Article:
Depression and anxiety are complicated. Everyone experiences them; however, everyone experiences depression and anxiety symptoms differently. For some, they are just temporary emotions, barely recognizing that they experience them at all – maybe they refer to it as nervousness or sadness. For many, it’s more overwhelming and persistent, with real-life, clinical implications. So, how do you explain depression and anxiety to someone who has never struggled with either of them?
How to Explain Depression and Anxiety to Someone Who May Not Get It:
1. You feel it physically.
Anxiety can feel like every cell on in your body is vibrating, vibrating with the need to run. Run from the room, run from the threat, run from your thoughts, run from the overwhelming energy building inside – except you can’t run, you can’t escape it.
This emotional push and pull take a physical toll. When you have anxiety and depression, you can continuously feel tired but can’t sleep due to racing thoughts or agitation in your body. The depression can make you feel so lethargic that it’s hard to move; however, your heart may race and stomach may ache from anxiety. It’s hard to make sense of it yourself when you feel in a constant tug-of-war with yourself.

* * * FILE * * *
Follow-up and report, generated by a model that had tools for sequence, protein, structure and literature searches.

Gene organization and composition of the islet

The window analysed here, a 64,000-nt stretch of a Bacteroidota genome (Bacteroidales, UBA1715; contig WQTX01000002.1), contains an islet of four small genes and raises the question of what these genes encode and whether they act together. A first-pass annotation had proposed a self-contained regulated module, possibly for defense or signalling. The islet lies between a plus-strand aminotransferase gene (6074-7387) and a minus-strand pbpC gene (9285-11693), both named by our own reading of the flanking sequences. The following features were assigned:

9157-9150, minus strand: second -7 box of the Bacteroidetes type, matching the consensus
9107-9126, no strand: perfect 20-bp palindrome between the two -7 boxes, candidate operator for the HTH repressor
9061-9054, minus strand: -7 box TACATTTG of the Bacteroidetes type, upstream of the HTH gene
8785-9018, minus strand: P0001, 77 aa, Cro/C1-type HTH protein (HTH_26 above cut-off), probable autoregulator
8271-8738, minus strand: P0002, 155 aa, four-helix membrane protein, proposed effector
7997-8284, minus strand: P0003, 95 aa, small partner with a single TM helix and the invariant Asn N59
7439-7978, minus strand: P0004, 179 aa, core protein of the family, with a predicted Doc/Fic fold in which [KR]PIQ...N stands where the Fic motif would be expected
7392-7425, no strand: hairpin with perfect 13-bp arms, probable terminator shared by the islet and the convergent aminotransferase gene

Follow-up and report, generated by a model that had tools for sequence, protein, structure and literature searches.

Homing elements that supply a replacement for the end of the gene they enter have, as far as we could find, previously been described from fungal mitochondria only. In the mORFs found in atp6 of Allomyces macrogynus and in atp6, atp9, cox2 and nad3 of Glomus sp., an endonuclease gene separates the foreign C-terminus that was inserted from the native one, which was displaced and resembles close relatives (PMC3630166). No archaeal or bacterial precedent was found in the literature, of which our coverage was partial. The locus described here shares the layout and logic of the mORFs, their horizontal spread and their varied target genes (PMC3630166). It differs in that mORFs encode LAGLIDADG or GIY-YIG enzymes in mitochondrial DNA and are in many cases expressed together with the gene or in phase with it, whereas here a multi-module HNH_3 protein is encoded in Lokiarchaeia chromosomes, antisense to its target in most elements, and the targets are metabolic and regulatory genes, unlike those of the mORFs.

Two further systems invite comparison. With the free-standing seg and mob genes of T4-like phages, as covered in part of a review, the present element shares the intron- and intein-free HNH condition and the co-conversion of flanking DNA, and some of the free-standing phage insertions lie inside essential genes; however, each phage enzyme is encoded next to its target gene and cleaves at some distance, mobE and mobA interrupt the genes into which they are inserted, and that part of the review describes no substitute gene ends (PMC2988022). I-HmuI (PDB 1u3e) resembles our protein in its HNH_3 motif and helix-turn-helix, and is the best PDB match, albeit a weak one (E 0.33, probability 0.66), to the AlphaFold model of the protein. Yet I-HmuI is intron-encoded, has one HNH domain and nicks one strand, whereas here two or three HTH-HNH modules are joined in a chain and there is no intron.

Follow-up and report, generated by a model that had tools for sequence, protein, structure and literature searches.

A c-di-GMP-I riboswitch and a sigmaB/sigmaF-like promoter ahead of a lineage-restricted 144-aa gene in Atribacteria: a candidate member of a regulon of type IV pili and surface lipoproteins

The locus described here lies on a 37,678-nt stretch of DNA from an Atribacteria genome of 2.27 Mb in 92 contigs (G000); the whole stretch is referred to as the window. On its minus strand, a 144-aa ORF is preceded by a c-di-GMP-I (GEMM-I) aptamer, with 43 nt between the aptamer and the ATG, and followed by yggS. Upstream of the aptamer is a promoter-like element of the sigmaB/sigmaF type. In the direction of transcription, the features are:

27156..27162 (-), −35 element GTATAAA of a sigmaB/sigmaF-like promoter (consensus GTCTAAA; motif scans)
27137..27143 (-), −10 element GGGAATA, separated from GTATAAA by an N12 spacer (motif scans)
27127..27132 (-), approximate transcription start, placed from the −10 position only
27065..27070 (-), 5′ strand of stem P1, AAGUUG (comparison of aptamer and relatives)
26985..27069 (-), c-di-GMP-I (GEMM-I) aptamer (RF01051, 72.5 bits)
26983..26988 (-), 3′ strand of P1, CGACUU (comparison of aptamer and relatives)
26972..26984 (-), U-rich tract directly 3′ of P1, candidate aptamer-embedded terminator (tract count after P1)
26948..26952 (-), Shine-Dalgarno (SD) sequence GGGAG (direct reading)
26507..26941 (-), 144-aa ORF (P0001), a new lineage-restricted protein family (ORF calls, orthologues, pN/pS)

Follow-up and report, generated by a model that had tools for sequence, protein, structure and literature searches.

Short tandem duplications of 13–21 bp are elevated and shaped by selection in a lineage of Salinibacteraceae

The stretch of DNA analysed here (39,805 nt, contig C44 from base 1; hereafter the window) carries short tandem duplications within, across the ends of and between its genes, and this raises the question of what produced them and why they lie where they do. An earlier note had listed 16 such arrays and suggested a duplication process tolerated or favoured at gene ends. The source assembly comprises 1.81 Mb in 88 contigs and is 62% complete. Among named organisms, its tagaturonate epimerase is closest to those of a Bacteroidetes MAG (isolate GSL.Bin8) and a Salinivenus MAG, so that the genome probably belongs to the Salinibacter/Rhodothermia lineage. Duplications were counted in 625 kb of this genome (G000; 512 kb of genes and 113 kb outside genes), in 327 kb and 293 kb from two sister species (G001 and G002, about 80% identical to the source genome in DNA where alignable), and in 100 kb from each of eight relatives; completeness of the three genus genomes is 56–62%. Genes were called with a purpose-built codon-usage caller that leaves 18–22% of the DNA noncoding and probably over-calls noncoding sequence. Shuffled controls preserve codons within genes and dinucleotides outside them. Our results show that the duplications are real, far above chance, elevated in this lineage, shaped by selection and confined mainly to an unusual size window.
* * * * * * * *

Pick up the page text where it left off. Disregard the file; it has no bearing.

2. You feel trapped in a vicious loop.
With anxiety and depression, the constant back and forth from opposing physical sensations, emotions, and thoughts can make you feel trapped. You are stuck because the opposing forces feed into each other, and you don’t know how to get out.
Related Reading: What It Means When Depression and Anxiety Team Up
3. A single straw can and will break the camel’s back.
When struggling with anxiety and depression, you are often battling both at the same time, rarely finding a balance between them. When you find relief from one, it only means you feel more burdened by the other. Or, it can feel like there are two monsters screaming louder and louder to be heard, feeding off each other.
Depression makes it hard to get out of bed, and anxiety only reminds you of the ever-increasing to-do list.